City University of New York

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All amounts are in dollars
Category Available
Change From
State Operations 1,982,210,317 2,106,626,900 124,416,583 0
Aid To Localities 1,290,517,776 1,254,237,000 -36,280,776 0
Capital Projects 1,828,844,000 284,222,000 -1,544,622,000 4,446,844,000
Total 5,101,572,093 3,645,085,900 -1,456,486,193 4,446,844,000

Full-Time Equivalent Positions (FTE)
Program 2008-09
Estimated FTEs
Estimated FTEs
FTE Change
Institutional Support Services
    Special Revenue Funds - Other 179 179 0
    Fiduciary Funds 11,276 11,276 0
Total 11,455 11,455 0

Note: Most recent estimates as of 12/16/08.


The City University of New York (CUNY) has its origins in the Free Academy, established in 1847 under the auspices of the New York City Board of Education and today is the nation’s largest urban public university system. The University’s mission is to provide affordable higher education with a focus on the urban community of New York City.

Budget Highlights

The Executive Budget recommends $3.65 billion All Funds ($1.26 billion General Fund; $1.96 billion Fiduciary Fund; $145 million Other Funds and $284 million Capital Funds) for the City University of New York. Changes to CUNY’s budget primarily reflect continued General Fund growth in personal services (as a result of collective bargaining contracts), non-personal services and fringe benefits; and General Fund decreases associated with tuition offsets, community college base aid and other programs. The 2008-09 Budget saw enactment of a new $1.8 billion multi-year capital program, funding for which is continued in 2009-10.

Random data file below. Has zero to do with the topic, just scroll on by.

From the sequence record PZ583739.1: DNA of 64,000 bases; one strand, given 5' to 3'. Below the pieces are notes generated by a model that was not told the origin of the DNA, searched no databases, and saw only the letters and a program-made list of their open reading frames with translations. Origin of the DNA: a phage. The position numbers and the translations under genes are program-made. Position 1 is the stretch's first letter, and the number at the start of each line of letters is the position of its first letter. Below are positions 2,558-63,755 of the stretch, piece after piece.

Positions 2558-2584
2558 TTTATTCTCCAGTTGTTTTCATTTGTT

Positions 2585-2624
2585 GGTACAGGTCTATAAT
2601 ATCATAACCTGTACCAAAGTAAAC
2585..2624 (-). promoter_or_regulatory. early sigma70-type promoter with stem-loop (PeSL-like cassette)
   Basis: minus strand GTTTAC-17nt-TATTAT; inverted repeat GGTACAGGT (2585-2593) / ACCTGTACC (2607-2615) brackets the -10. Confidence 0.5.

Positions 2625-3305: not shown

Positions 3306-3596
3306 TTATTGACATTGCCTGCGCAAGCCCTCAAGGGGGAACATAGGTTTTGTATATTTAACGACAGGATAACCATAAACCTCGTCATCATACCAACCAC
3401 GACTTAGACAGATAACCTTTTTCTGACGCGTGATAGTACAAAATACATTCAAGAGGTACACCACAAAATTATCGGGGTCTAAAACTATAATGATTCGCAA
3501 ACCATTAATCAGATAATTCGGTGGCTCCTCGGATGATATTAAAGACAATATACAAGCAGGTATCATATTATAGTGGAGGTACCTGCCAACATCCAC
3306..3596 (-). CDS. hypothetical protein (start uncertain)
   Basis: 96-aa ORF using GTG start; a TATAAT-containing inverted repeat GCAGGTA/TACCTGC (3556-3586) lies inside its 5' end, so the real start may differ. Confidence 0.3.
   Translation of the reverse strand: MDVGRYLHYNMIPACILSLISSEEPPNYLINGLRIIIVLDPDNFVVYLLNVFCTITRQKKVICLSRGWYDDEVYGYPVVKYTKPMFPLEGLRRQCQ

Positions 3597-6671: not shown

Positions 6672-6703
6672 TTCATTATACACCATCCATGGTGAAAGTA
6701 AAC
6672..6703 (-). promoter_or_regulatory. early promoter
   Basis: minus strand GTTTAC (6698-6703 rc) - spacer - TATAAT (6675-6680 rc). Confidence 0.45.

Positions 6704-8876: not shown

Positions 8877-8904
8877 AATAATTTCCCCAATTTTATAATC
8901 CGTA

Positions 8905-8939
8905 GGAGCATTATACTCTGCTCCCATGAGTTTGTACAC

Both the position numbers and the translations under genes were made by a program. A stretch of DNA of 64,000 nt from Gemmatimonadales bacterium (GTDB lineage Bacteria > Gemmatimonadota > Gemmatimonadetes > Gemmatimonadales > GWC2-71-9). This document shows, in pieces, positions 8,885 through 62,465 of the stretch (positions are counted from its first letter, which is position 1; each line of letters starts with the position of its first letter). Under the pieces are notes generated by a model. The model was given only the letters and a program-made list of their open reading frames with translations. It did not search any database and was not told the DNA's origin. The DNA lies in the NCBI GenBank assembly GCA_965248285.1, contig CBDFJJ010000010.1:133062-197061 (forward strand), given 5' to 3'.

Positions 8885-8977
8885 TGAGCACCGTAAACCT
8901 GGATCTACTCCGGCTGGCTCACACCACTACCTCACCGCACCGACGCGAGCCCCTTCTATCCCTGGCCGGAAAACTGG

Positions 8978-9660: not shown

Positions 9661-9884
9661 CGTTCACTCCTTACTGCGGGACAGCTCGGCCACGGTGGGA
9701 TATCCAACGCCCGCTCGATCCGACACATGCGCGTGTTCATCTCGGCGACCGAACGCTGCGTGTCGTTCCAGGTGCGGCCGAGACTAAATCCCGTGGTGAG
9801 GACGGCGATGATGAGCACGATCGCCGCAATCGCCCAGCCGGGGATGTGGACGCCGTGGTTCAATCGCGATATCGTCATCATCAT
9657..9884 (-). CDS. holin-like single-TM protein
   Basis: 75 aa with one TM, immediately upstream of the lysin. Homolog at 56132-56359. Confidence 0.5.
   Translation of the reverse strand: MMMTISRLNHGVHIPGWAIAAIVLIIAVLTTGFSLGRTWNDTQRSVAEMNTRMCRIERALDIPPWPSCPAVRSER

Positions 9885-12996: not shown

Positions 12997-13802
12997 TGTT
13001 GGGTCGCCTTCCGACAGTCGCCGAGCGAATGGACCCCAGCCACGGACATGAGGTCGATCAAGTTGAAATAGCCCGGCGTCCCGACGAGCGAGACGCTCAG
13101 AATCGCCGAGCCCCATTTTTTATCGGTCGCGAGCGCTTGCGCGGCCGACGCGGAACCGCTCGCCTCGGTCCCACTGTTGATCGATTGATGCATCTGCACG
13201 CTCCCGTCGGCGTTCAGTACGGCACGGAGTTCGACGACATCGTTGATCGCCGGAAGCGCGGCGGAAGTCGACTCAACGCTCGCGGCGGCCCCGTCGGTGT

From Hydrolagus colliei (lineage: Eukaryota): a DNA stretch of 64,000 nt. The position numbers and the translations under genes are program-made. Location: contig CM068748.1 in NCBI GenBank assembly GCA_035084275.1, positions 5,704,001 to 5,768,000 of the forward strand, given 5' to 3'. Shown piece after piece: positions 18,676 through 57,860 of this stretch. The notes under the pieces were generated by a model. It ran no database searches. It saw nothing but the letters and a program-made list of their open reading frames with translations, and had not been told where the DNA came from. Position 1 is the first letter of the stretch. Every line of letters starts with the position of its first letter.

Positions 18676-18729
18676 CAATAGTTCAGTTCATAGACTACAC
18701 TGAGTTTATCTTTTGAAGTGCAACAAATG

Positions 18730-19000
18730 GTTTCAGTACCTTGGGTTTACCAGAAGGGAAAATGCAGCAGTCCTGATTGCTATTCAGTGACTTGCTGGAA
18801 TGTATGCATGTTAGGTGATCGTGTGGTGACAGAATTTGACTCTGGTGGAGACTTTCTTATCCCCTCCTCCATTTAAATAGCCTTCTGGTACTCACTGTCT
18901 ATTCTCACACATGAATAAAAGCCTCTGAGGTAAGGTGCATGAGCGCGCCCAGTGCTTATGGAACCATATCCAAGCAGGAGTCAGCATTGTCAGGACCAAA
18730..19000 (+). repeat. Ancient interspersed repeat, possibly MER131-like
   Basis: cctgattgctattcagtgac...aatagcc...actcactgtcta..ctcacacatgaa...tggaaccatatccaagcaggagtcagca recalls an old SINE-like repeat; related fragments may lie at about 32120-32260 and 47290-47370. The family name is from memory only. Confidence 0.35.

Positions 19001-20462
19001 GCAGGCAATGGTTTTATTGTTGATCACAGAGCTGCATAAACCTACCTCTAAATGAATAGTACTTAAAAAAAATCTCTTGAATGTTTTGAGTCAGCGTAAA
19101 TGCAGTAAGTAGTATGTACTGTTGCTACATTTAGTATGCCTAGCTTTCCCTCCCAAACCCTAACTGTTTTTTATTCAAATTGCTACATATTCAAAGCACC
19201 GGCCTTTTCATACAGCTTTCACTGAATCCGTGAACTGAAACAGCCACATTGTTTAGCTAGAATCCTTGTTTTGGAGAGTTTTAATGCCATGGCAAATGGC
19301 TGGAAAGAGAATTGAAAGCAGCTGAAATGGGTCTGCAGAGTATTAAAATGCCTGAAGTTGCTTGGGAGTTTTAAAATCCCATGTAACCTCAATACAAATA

Major 2009-10 budget actions include:

  • Reduce General Fund Support to Reflect Additional Revenue from Increased Senior College Tuition Rates: The Executive Budget assumes that CUNY will implement a $600, or 15 percent, annual tuition rate increase for resident undergraduates, from $4,000 to $4,600. The Executive Budget also assumes that tuition rates for resident graduate and first-professional students will be increased in 2009-10 to levels that are 20 percent above those charged for the fall 2008 semester. In a departure from the more than 30 year old practice of using 100 percent of revenue resulting from tuition increases to offset General Fund spending, CUNY will retain 20 percent of the revenue for increased investment. This budget action generates net General Fund savings of $82.5 million and campuses will retain $20.6 million.
  • Authorize Differential Tuition for Non-Resident Students: The Executive Budget authorizes the CUNY Board of Trustees to establish differential tuition rates for non-New York State resident students by individual campus and program. This change would enable campuses and/or individual campus programs with regional or national appeal to better capitalize on their success. Statutory language will require the CUNY Board to establish appropriate maximum percentage thresholds for non-resident students by campus and/or program to ensure continued access to eligible New York State resident students. The Executive Budget assumes that campuses will retain all incremental revenue generated as a result of this change.